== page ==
Society to FAF: Keep private
company board separate

In a letter to the Financial Accounting Foundation dated Dec. 12, NYSSCPA President Richard E. Piluso reiterated the Society’s support of a separate standards-setting board to oversee issues relating to private companies.

“Our overall conclusion is that we continue to support a separate standards-setting board for privately held entities,” Piluso wrote.

Piluso said the Society adopted this position after an extensive outreach effort that encompassed a poll of the members; a half-hour presentation at the July Leader-ship Conference, where a straw poll was taken; and conversations with members during various managing partners meetings and town hall meetings throughout the state.

Piluso noted that he talked not just to those in private businesses, but to a variety of members.

“Some may be members in industry, some were academics and some were public accountants,” Piluso said. Whatever their practice area, the majority of those he spoke with supported the idea of an independent private company board, as opposed to a board whose decisions are subject to Financial Accounting Standards Board ratification, he said.

Piluso’s letter was in response to the FAF’s Oct. 4 Plan to Establish the Private Company Standards Improvement Council, calling for the creation of a board devoted to providing differential or modified standards for private companies, but accountable to the FASB. Piluso’s letter said such an arrangement would be inadequate to address the difficulties that private companies face in applying accounting standards created for public companies.

A report released early last year by the Blue-Ribbon Panel on Standard Setting for Private Companies and authored by representatives of the FAF, the AICPA and the National Association of State Boards of Accountancy, concluded that the U.S. accounting standards-setting process does not sufficiently consider the needs of private companies. For example, many standards lack relevance for private companies, such as those on variable interest entities, uncertain tax positions, fair value measurements and goodwill impairment, the report said.

“Since it also appears that the least relevant standards for private company users are often the most complex, the [blue-ribbon panel] believes that private companies are incurring significant unnecessary cost for GAAP financial statement preparation and audit, review, or compilation services,” said the report.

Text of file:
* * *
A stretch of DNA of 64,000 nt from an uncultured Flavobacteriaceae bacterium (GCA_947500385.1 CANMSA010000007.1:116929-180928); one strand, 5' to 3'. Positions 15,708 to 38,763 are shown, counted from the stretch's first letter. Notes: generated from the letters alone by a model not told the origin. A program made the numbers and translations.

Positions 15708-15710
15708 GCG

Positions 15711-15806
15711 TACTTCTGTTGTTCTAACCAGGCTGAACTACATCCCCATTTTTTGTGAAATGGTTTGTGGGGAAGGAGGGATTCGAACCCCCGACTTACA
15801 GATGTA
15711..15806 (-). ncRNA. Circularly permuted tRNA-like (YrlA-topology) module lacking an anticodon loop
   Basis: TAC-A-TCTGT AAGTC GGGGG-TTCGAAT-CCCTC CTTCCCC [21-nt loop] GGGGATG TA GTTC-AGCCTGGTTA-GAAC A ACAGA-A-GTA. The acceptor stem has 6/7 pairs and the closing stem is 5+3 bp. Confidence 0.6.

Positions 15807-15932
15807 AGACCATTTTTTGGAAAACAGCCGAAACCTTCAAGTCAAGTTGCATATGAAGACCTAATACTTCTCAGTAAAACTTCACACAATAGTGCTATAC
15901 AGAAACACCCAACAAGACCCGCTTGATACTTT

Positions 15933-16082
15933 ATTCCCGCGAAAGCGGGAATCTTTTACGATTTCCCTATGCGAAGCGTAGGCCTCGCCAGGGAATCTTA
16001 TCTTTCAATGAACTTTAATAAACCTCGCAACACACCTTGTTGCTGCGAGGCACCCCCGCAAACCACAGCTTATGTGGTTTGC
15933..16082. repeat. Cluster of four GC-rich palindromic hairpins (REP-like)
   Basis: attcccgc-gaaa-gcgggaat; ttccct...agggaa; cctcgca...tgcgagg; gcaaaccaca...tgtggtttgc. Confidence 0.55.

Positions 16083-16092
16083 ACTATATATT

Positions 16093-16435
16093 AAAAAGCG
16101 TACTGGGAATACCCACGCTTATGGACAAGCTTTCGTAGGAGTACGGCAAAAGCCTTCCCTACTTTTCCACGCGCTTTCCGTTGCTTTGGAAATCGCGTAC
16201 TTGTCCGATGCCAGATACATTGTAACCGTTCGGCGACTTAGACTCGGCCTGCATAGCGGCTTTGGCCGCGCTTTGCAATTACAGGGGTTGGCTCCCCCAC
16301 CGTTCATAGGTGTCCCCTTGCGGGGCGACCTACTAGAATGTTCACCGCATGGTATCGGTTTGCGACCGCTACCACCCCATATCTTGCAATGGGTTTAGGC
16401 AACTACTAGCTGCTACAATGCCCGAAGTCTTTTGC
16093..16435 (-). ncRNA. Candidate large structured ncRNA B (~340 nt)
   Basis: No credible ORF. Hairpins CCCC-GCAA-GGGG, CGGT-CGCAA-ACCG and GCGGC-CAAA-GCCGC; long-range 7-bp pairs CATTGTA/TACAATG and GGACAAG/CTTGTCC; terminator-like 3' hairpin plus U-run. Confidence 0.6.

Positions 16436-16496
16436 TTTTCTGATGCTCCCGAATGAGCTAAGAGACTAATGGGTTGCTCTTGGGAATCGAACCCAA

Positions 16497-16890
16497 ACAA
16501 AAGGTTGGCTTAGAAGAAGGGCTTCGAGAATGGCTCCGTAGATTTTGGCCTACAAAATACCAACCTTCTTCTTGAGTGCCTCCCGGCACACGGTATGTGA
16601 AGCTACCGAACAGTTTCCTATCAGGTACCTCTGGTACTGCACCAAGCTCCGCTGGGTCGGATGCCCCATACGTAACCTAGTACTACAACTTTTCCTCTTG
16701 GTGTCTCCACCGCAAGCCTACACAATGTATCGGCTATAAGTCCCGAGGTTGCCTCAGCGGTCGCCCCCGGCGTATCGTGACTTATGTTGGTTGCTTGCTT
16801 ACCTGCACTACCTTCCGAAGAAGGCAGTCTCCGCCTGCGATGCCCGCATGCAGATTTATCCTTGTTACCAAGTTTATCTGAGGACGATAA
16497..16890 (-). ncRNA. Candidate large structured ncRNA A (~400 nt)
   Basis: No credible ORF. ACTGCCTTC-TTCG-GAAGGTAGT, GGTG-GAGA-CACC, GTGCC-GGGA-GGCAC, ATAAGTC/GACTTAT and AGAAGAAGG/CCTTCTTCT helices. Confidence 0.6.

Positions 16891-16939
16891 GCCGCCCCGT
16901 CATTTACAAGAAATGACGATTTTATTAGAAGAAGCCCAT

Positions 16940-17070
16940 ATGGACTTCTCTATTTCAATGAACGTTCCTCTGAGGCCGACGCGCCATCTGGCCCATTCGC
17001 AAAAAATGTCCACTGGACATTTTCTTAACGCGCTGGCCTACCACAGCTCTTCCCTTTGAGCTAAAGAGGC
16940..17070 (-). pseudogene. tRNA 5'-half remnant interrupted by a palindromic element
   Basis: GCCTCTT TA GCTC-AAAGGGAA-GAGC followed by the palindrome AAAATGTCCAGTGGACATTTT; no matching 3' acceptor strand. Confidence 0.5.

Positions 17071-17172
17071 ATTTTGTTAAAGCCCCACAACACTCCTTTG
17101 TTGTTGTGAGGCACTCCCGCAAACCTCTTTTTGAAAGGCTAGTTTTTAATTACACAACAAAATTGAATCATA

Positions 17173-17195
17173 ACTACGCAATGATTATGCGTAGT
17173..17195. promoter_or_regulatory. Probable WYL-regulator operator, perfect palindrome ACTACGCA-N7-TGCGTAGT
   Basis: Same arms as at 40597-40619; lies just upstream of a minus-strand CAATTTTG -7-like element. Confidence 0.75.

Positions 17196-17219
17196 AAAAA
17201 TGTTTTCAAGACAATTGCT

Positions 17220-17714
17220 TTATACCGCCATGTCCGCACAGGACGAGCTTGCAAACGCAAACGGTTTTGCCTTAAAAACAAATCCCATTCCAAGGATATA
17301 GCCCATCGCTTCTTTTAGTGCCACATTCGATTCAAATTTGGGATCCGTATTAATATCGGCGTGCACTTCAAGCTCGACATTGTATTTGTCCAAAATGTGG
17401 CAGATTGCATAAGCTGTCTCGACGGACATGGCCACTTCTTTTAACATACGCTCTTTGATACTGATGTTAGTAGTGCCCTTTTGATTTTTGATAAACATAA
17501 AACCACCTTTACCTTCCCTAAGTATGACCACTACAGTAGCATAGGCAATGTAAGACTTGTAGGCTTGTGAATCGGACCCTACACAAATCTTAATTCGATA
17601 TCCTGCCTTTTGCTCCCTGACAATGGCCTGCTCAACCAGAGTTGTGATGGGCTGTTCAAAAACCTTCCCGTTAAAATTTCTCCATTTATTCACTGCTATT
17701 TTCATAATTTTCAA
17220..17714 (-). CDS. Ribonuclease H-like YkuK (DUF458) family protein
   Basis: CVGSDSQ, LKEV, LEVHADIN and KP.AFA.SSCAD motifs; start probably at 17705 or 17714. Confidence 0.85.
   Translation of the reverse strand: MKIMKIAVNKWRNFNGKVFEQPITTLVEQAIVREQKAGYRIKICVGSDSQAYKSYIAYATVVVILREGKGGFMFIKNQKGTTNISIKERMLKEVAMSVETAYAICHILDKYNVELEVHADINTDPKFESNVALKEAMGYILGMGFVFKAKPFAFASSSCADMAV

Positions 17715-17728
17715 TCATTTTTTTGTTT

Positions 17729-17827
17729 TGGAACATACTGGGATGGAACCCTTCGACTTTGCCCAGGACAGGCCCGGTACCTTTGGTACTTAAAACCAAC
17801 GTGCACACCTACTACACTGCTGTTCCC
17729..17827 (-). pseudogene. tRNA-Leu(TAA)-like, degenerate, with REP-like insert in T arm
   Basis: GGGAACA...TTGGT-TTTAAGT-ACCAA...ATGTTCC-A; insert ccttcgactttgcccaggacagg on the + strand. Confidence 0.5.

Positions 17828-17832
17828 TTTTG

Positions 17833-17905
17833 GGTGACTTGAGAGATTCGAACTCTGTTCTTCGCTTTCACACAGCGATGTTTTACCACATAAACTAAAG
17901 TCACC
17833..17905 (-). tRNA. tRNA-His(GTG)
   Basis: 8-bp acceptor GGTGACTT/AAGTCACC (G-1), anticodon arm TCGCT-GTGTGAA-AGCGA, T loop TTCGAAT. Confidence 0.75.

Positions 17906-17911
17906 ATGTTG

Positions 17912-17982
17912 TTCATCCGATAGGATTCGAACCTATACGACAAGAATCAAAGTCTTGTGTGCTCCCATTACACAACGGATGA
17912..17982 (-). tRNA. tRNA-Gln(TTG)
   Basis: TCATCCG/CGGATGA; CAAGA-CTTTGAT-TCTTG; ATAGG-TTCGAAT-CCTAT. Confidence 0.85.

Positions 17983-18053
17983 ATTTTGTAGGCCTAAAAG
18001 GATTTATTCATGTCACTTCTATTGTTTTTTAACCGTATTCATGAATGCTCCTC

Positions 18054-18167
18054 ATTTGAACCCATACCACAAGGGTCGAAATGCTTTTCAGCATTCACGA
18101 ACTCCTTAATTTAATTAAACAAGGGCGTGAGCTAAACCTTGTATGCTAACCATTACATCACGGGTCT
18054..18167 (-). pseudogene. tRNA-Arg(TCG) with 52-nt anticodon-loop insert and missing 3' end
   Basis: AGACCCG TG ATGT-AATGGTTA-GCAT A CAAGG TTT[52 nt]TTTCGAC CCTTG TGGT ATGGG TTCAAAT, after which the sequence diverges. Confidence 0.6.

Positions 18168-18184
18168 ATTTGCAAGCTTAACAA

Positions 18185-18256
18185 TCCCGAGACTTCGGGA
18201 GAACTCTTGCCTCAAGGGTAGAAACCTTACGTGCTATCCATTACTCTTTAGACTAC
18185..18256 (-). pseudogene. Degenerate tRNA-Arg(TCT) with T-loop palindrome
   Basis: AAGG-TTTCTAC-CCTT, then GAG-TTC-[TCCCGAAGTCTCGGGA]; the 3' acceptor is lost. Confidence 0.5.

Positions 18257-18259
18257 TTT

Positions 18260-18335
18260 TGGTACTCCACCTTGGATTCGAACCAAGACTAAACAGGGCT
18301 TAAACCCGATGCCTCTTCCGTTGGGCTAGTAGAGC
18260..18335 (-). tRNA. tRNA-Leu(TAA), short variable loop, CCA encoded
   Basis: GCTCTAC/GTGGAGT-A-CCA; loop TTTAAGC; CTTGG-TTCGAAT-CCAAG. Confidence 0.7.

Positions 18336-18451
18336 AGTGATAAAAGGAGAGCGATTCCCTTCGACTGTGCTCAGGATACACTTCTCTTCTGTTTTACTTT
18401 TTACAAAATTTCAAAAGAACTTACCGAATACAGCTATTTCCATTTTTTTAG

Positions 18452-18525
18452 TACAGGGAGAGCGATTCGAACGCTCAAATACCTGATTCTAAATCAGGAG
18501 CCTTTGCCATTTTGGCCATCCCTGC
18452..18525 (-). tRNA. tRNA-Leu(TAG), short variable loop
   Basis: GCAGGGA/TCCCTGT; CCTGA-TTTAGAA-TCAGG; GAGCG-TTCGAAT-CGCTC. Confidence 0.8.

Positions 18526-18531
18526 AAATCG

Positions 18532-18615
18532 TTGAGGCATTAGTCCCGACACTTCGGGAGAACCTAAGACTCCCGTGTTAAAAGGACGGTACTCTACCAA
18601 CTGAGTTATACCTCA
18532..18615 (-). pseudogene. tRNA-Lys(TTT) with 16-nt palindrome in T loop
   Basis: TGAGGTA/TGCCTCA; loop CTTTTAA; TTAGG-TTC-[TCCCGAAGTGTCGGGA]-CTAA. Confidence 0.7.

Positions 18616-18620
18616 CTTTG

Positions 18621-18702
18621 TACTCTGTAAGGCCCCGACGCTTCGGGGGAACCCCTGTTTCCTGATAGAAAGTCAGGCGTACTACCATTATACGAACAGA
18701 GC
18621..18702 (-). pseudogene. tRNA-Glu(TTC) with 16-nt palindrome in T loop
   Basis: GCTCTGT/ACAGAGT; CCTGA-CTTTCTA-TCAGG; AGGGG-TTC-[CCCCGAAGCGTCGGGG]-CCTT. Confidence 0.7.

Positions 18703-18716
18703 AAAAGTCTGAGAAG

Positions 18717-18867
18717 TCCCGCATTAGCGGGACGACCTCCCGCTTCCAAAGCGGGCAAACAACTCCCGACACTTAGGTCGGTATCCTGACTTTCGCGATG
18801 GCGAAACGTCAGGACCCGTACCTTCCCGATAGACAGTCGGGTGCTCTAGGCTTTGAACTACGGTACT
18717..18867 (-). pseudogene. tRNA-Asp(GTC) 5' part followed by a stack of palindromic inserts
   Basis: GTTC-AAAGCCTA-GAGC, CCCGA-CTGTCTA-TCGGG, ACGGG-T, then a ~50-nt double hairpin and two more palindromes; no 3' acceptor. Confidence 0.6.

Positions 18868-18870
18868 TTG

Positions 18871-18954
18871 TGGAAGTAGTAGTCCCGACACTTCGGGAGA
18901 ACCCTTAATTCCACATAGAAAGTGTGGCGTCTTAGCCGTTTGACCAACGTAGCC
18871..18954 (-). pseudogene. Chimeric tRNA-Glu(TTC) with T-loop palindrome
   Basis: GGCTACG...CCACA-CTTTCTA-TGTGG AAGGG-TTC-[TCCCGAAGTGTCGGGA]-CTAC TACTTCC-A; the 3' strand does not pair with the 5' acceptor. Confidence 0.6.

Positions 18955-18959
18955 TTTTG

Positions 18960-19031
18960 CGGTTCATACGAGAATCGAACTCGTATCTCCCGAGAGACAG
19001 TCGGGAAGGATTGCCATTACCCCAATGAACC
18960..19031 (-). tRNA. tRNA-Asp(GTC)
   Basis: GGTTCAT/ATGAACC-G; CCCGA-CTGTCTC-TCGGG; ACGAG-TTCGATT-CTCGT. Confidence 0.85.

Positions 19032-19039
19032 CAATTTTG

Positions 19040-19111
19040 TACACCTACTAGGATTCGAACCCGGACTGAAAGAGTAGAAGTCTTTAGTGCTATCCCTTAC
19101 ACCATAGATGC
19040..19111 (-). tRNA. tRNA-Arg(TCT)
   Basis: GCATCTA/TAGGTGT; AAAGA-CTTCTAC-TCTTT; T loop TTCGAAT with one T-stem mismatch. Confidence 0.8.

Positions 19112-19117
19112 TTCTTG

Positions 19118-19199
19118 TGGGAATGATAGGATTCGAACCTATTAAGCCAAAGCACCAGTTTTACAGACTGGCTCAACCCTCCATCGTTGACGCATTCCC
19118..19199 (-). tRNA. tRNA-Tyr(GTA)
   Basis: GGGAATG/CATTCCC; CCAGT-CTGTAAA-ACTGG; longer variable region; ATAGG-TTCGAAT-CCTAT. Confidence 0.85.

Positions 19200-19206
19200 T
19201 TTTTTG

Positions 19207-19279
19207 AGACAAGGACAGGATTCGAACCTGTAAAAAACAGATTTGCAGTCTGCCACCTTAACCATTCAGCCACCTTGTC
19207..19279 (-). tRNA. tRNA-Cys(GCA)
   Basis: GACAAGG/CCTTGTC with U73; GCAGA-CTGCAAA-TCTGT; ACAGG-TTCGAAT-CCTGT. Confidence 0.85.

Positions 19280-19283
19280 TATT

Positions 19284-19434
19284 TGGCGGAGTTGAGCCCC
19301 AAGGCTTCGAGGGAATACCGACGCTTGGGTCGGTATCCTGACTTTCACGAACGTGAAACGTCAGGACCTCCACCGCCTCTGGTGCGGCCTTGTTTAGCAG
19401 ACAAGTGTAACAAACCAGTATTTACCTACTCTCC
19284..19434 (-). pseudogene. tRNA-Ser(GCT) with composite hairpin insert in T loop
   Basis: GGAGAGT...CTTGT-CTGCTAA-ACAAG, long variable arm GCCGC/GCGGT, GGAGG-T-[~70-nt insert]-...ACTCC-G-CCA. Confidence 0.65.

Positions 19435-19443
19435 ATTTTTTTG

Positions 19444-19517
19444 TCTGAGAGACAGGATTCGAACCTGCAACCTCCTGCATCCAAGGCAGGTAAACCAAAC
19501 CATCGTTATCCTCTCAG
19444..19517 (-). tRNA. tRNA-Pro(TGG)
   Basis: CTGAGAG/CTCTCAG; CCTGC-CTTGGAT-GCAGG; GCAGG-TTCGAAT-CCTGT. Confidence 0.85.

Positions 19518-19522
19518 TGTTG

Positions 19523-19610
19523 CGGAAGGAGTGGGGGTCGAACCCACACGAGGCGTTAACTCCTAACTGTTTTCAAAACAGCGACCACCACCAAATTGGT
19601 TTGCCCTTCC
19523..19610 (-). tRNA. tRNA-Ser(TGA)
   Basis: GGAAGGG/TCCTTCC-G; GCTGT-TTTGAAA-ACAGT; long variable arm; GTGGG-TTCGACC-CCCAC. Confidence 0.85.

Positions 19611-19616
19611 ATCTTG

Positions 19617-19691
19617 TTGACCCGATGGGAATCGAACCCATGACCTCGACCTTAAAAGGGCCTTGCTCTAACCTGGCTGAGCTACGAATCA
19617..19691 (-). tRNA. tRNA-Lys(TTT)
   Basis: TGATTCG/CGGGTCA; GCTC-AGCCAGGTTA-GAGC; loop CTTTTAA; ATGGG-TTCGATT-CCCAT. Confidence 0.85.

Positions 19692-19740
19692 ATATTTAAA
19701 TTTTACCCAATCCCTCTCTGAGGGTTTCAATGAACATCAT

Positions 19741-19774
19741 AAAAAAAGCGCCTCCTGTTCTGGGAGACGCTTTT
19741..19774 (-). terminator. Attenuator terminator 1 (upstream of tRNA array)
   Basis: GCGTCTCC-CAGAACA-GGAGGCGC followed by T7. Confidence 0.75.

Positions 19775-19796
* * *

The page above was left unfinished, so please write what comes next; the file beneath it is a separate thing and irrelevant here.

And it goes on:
The report then recommended that modifications and exceptions specific to private companies be made to U.S. GAAP, in addition to creating an independent standards-setting board to oversee those changes. The Society released a comment letter in July supporting that position. However, the FAF—which is ultimately responsible for implementing any changes—proposed establishing in the Oct. 4 plan a Private Company Standards Improvement Council within the FASB, where it would be responsible for identifying, proposing, deliberating and formally voting on specific exemptions or modifications to U.S. GAAP for private companies.The ultimate decision-making power, however, would remain with the FASB.

FASB Chair Leslie F. Seidman defended the FAF’s proposal in her Oct. 25 speech at FAE’s IFRS Conference.

“It’s important to maintain FASB’s role as sole standard setter,” because the FAF was concerned that two separate boards could lead to a rift between public companies and private ones and might add unnecessary complexity and prevent private company-specific issues to be considered within the context of all companies, Seidman said.

Piluso, however, restated in his Dec. 12 letter that the Society does not support the FAF’s plan.

“We submit that after 30 years of numerous advisory councils and studies and, most recently, the recommendation of the [blue-ribbon panel], your proposed recommendation would not result in a successful outcome for private companies,” wrote Piluso.

The letter pointed to a previous FAF effort to establish a body to address private company issues, the Private Company Financial Reporting Committee, which Piluso called “unsuccessful in achieving its mission.” Piluso cited the PCFRC’s failure to engage in advocating on behalf of its constituents and its being staffed by the FASB—which frequently did not accept the PCFRC’s recommendations—as factors that led the PCFRC to fall short of its original purpose.

Since the proposed council would share a structure similar to the PCFRC, Piluso wrote that he was not confident that the PCSIC could avoid the same fate.

“It is unlikely that the PCSIC’s effectiveness would differ from that of the PCFRC when the FASB has the final authority to ratify or reject its recommendations,” wrote Piluso.

Should the FAF decide to go through with its own proposal, Piluso asserted that it would need to find ways to avoid the perception that the standards used by public companies are somehow “superior” to those used by private companies.

Other causes for concern, Piluso wrote, included how the FAF would increase the number of private company board members and staff within the FASB; how private companies would fit into global convergence issues; how the PCSIC could be effective by meeting only four to six times a year (the number of times the PCFRC met); why FASB board members can attend PCSIC meetings and have input, but not vice versa; and how the PCSIC could retain its relevance, when all of its staff would be coming from the FASB, as opposed to having its own dedicated staff.

The AICPA, NASBA and the New York State Board for Public Accountancy have also responded to the FAF’s plan. Comments were due on Jan. 14. The FAF has made all of the nearly 300 comment letters received available online at, under the “Private Company Issues” header.